Other Middle Eastern personalities had their Fedayeen forces, notably Egyptian President Gamal Abdul Nasser and the Palestinian Liberation Organization, but neither of those had the Sci-fi panache of the Fedayeen Saddam. Founded in 1995, the irregular Iraqi guard unit was Saddam Hussein’s personal militia.

The top 10 perks of being an Army wife
I hope it’s 102 degrees in this photo.

Members were recruited into the Fedayeen Saddam as young as age 16. They received no specialty training or heavy weapons and were not members of the regular Iraqi military. So, as awesome as watching a fighting Darth Vader in “Rogue One” was, their Iraqi Doppelgängers were not so awesome.

The top 10 perks of being an Army wife
You wish, Uday.

In reality, they were mainly used to stop smuggling in Iraq, and then later became the smugglers, extortionists, torture, and whatever else the Husseins had them do. It was all good as long as they didn’t shake down government officials.

Though U.S. military planners knew about the existence of the Fedayeen Saddam before the 2003 invasion, they weren’t sure what they would be used for once the shooting started. The best estimate was as guerrilla fighters behind U.S. lines, which they generally did in urban areas. It was the Fedayeen Saddam who ambushed U.S. Marines in Nasiriyah under a flag of surrender in 2003.

The top 10 perks of being an Army wife
Which no doubt made surrender sooooo much easier for their buddies.

Even after the regular army and Republican Guard forces crumbled away, the Fedayeen Saddam harassed U.S. troops through April 2003. Uday and Qusay famously found their end with a few members of the Fedayeen Saddam that same year.

The top 10 perks of being an Army wife
That helmet serves no other purpose than to make this unintentionally hilarious.

MIGHTY TACTICAL

If it’s not ethical, they won’t field it: Pentagon release new A.I. guidelines

The Pentagon has vowed that if it cannot use artificial intelligence on the battlefield in an ethical or responsible way, it will simply not field it, a top general said Monday.


Air Force Lt. Gen. Jack Shanahan, director of the Joint Artificial Intelligence Center (JAIC), made that promise as the Defense Department unveiled new A.I. guidelines, including five main pillars for its principled execution of A.I.: to be responsible, equitable, traceable, reliable and governable.

“We will not field an algorithm until we are convinced it meets our level of performance and our standard, and if we don’t believe it can be used in a safe and ethical manner, we won’t field it,” Shanahan told reporters during a briefing. Algorithms often offer the calculation or data processing instruction for an A.I. system. The guidelines will govern A.I. in both combat and non-combat functions that aid U.S. military use.

The top 10 perks of being an Army wife

The general, who has held various intelligence posts, including overseeing the algorithmic warfare cross-functional team for Google’s Project Maven, said the new effort is indicative of the U.S.’s intent to stand apart from Russia and China. Both of those countries are testing their uses of A.I. technology for military purposes, but raise “serious concerns about human rights, ethics, and international norms.”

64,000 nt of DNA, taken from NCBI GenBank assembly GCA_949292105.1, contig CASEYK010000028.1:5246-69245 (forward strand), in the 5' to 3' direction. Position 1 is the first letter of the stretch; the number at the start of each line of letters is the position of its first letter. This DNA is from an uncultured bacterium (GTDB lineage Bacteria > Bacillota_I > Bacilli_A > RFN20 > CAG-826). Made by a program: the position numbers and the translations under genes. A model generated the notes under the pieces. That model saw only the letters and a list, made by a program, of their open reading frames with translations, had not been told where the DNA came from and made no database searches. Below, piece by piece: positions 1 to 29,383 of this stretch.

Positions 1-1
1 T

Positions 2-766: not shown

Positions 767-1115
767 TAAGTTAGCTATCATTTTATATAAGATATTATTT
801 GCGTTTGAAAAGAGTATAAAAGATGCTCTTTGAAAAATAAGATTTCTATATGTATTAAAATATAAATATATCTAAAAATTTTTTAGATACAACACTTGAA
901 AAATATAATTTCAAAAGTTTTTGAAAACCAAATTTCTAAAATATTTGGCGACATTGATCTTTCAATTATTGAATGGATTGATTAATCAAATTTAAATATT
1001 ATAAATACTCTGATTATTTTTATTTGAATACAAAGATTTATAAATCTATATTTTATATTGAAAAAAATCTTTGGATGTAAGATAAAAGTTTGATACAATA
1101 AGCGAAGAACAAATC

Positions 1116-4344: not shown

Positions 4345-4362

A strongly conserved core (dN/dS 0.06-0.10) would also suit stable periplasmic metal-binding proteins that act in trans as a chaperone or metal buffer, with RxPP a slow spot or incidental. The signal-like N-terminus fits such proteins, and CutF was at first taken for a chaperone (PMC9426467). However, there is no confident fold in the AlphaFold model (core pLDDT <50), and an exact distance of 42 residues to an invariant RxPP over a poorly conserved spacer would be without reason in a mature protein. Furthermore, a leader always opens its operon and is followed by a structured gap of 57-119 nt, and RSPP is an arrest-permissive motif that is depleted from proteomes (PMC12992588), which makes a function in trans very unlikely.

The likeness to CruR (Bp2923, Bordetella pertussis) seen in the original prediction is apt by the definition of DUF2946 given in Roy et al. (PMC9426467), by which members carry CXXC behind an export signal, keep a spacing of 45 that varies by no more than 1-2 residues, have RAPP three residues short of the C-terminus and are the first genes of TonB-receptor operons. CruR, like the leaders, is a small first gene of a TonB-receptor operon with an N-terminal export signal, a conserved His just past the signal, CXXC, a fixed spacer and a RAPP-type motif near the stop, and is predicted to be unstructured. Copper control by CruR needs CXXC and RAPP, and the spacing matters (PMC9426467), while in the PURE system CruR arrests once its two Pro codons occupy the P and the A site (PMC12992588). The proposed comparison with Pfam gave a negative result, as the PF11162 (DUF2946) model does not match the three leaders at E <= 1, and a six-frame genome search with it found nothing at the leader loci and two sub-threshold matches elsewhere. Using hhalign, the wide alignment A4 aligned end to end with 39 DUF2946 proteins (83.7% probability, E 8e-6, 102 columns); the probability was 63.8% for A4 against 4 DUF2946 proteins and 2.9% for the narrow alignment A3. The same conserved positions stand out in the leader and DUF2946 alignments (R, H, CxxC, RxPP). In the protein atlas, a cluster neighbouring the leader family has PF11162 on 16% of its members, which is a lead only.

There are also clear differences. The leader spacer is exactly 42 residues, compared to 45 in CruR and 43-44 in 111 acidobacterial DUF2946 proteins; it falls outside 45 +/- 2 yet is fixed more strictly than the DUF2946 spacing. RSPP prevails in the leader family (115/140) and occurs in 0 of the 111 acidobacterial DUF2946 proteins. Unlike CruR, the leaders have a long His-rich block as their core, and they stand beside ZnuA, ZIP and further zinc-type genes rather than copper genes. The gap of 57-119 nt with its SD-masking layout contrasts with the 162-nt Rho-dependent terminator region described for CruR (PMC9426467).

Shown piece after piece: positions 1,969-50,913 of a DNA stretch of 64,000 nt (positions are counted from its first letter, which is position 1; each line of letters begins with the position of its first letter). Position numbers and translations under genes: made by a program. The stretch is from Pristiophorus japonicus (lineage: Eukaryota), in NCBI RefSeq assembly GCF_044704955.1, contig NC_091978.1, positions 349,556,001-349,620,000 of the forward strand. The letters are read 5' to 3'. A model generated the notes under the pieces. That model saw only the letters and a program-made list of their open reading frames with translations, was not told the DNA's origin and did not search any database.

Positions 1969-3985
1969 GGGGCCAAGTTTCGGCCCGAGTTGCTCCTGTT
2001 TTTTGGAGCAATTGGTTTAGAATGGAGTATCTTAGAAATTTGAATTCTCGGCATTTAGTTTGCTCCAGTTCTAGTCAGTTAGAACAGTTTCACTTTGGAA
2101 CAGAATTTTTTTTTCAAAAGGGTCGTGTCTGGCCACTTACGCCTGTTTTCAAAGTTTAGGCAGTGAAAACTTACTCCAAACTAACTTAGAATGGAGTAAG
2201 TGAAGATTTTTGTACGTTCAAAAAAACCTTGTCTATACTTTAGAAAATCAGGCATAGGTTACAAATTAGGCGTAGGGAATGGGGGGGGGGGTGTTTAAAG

For example, China has been building several digital artificial intelligence cities in a military-civilian partnership as it looks to understand how A.I. will be propagated and become a global leader in technology. The cities track human movement through artificial facial recognition software, watching citizens’ every move as they go about their day.

While Shanahan stressed the U.S. should be aggressive in its pursuits to harness accurate data to stay ahead, he said it will not go down the same path of Russia and China as they neglect the principles that dictate how humans should use A.I.

Instead, the steps put in place by the Pentagon can hold someone accountable for a bad action, he said.

“What I worry about with both countries is they move so fast that they’re not adhering to what we would say are mandatory principles of A.I. adoption and integration,” he said.

The recommendations came after 15 months of consultation with commercial, academic and government A.I. experts as well as the Defense Innovation Board (DIB) and the JAIC. The DIB, which is chaired by former Google CEO Eric Schmidt, made the recommendations last October, according to a statement. The JAIC will be the “focal point” in coordinating implementation of the principles for the department, the statement said.

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Dana Deasy, the Pentagon’s Chief Information Officer, said the guidelines will become a blueprint for other agencies, such as the intelligence community, that will be able to use it “as they roll out their appropriate adoption of A.I. ethics.” Shanahan added the guidelines are a “good scene setter” for also collaborating alongside the robust tech sector, especially Silicon Valley.

Within the broader Pentagon A.I. executive committee, a specific subgroup of people will be responsible for formulating how the guidelines get put in place, Deasy said. Part of that, he said, depends on the technology itself.

“They’re broad principles for a reason,” Shanahan added. “Tech adapts, tech evolves; the last thing we wanted to do was put handcuffs on the department to say what you could and could not do. So the principles now have to be translated into implementation guidance,” he said.

That guidance is currently under development. A 2012 military doctrine already requires a “human in the loop” to control automated weapons, but does not delineate how broader uses for A.I. fits within the decision authority.

The Monday announcement comes roughly one year after DoD unveiled its artificial intelligence strategy in concert with the White House executive order that created the American Artificial Intelligence Strategy.

“We firmly believe that the nation that masters A.I. first will prevail on the battlefield for many years,” Shanahan said, reiterating previous U.S. officials positions on the leap in technology.

Similarly in 2017, Russian President Vladimir Putin said in a televised event that, “whoever becomes the leader in this sphere will become the ruler of the world.”

This article originally appeared on Military.com. Follow @militarydotcom on Twitter.